YOUTH: Teens take the stage for Latin Dance competition

by Chelsea Boone

photos by Miguel Alvarez

Roaring screams filled the Strathmore in North Bethesda as the performers stepped on to the stage.  All of their preparation led them to this moment: The chance to perform for a crowd of over 500 and compete for the title of the best in the county.

On Nov. 28 the After School Dance Fund presented the 12th annual Montgomery County Public Schools Latin Dance Competition, where seven local high schools competed in eight divisions including cha cha, merengue, bachata and salsa.  The competition also consisted of an alumni division, a parent and child division, a Jack & Jill division where the participants partnered up with a dancer from another school and best in show.


In 1999 Seneca Valley High School wanted to perform for Hispanic Heritage Month, which eventually led to the competition, according to Ricardo Loaiza, a professional dancer, who helped the students with choreography for their performance.

He began reaching out to other nearby high schools and a competition began after two years, Loaiza said.

The dance clubs at the different schools are able to function thanks to “dedicated teachers that love the concept of helping the kids,” Loaiza said.

Loaiza credits Paula Pero from Albert Einstein High School and Vilma Najera from Clarksburg High School for organizing the competition. “They did all the leg work,” he said.

Over the years the competition grew to a point where parents and other family members had to be turned away, Loaiza said.

This motivated him to start the After School Dance Fund, of which he is the founder and executive director, to raise funds to move the competition to the Strathmore, he said. Last year’s competition was the first one held there.

Loaiza wants to increase the number of schools that participate in the competition each year, and wants to establish a Latin dance club in each school in Montgomery County, he said.

The Latin dance clubs have had positive influences on the students members, Loaiza said.

“It’s kept them out of trouble because they get to stay in school in an after school program,” he said.

The students must keep a 2.0 grade point average to compete, which encourages students to do well in school and help each other, Loaiza said.

The Latin dance club “helps them with their self-esteem,” he added, and “they feel like they belong.”

The Latin dance clubs are not limited to Hispanics.

“We have people from all walks of life that just want to learn how to dance and be part of a group,” Loaiza said.

In addition to learning how to dance, the students learn team building skills, leadership skills, conflict resolution and etiquette, Loaiza said.

“There are all aspects of life,” he said.  The students in the dance clubs are “leading and striving to be better people.”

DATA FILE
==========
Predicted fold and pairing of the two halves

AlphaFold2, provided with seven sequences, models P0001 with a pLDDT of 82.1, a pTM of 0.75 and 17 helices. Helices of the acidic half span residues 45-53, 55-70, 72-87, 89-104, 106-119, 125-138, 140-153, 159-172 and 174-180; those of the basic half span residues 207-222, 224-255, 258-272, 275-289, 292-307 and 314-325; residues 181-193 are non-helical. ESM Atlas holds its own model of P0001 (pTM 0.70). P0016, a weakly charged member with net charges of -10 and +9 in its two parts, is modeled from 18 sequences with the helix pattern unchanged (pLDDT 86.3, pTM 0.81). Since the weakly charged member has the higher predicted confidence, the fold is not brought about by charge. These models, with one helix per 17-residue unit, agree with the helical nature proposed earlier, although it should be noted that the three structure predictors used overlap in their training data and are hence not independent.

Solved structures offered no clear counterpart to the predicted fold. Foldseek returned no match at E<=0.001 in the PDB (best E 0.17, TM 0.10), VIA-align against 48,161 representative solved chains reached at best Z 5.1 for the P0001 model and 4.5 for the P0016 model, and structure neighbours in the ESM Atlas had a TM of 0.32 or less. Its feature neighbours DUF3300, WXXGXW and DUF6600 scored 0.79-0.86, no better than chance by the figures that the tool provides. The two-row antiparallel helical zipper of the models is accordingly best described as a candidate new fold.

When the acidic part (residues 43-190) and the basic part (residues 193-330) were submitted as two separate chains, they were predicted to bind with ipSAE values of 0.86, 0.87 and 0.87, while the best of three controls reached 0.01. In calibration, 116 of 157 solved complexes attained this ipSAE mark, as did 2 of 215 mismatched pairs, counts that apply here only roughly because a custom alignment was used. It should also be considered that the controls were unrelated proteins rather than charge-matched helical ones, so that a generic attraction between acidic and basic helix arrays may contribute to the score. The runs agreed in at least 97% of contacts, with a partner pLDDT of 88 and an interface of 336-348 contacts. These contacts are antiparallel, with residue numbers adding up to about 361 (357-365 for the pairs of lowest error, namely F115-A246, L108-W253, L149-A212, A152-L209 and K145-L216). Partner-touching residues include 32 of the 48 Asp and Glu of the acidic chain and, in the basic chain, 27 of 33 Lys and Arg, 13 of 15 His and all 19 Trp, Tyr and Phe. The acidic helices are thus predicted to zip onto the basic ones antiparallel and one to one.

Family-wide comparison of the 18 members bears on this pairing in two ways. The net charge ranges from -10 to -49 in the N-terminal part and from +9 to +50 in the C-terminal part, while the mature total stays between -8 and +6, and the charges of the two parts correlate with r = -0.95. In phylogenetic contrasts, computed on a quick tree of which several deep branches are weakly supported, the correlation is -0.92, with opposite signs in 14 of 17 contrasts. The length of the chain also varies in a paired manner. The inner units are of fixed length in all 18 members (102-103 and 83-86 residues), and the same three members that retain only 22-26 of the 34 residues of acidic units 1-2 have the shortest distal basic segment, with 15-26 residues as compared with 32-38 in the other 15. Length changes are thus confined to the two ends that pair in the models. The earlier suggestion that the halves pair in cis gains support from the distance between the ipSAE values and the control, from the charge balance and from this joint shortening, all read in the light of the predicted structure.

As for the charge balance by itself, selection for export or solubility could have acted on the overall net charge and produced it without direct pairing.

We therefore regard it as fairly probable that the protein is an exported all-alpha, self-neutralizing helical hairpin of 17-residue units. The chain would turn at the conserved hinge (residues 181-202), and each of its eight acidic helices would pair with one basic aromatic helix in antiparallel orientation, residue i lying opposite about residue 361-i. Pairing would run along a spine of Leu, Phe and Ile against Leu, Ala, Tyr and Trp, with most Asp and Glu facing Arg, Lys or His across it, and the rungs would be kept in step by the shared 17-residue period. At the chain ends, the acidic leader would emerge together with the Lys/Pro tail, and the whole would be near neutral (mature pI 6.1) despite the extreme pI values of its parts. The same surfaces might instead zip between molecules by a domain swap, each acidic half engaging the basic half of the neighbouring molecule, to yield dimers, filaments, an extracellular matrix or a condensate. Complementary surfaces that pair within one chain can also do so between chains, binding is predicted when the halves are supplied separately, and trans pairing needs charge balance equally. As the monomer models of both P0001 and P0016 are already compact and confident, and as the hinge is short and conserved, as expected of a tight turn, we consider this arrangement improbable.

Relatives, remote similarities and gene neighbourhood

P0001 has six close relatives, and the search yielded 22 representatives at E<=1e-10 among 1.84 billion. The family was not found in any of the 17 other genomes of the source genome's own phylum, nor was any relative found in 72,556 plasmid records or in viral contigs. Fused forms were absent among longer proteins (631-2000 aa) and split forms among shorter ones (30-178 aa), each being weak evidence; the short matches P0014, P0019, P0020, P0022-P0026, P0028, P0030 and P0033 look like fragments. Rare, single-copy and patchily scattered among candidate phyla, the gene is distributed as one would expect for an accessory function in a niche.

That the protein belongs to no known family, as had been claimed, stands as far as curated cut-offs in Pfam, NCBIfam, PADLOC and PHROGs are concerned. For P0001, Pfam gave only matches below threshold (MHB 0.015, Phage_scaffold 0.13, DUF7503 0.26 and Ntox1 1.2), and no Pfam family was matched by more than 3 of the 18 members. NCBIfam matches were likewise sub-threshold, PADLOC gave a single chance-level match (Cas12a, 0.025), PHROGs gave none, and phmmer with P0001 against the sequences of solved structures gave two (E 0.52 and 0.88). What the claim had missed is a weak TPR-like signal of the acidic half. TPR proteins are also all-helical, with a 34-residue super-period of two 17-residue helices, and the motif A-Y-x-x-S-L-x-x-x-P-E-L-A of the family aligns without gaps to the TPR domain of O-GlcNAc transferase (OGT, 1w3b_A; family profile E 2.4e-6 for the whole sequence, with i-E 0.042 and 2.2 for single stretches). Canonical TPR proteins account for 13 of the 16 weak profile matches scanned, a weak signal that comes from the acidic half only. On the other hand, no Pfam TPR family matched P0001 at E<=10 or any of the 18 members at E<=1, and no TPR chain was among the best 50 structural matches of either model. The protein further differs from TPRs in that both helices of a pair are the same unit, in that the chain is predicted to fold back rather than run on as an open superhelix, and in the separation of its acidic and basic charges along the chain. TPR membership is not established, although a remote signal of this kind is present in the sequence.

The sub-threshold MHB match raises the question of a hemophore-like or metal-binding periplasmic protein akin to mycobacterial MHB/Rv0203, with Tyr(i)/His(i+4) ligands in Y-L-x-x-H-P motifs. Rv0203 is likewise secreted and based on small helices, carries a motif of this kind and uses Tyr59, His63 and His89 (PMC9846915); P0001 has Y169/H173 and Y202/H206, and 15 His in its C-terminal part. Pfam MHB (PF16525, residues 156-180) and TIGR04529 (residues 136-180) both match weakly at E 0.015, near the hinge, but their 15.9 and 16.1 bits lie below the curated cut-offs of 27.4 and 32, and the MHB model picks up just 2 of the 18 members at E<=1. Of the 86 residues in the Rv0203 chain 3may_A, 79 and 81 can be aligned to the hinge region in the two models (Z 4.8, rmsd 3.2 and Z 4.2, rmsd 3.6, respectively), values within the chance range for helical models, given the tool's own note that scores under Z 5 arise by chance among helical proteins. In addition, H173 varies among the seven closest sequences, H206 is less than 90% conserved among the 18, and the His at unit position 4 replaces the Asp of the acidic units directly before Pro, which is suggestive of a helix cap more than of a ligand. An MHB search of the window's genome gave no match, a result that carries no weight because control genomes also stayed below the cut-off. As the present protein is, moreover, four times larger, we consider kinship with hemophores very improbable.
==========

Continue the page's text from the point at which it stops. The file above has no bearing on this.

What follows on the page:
Last year a documentary was filmed giving a glimpse into the lives of the students as they prepared for the 2010 competition.

The film, “The Road to Strathmore” premiered Nov. 20 at the AFI Silver Theatre and Cultural Center in Silver Spring.

The documentary shows how the students work and all of the responsibilities they have, Loaiza said.

This year students from Hubert Blake High School, Clarksburg High School, Albert Einstein High School, Gaithersburg High School, Rockville High School, Seneca Valley High School and Watkins Mill High School had the opportunity to perform at the Strathmore with hundreds of people cheering them on.

Throughout the two-hour competition the audience’s energy never waned, but instead increased as the time went on.

After each school had the opportunity to perform, students were awarded with prizes, starting with the leadership awards that were presented to one student at each school who had shown leadership qualities.

Then, first, second and third place trophies were awarded in each division, with Clarksburg High School taking home the best in show trophy, and the first ever people’s choice trophy.

Every student also received a medal for participating in the competition, Loaiza said.

Loaiza hopes that one day Latin dance will be a part of school curriculum under the arts or physical education, and for Latin dance clubs to receive school funding.
“We’ve been lobbying the board of education to make this a line item on their budget,” Loaiza said.

There is also hope to add a scholarship to next year’s prizes, Loaiza said.

The After School Dance Fund also established relationships with the Hispanic business conference and would like to identify leaders who will get paid internships within the Hispanic business community, he said.

“What better way of showing our pride through our cultural heritage and the arts, and at the same time knowing…that they have a job lined up after they graduate,” Loaiza said.

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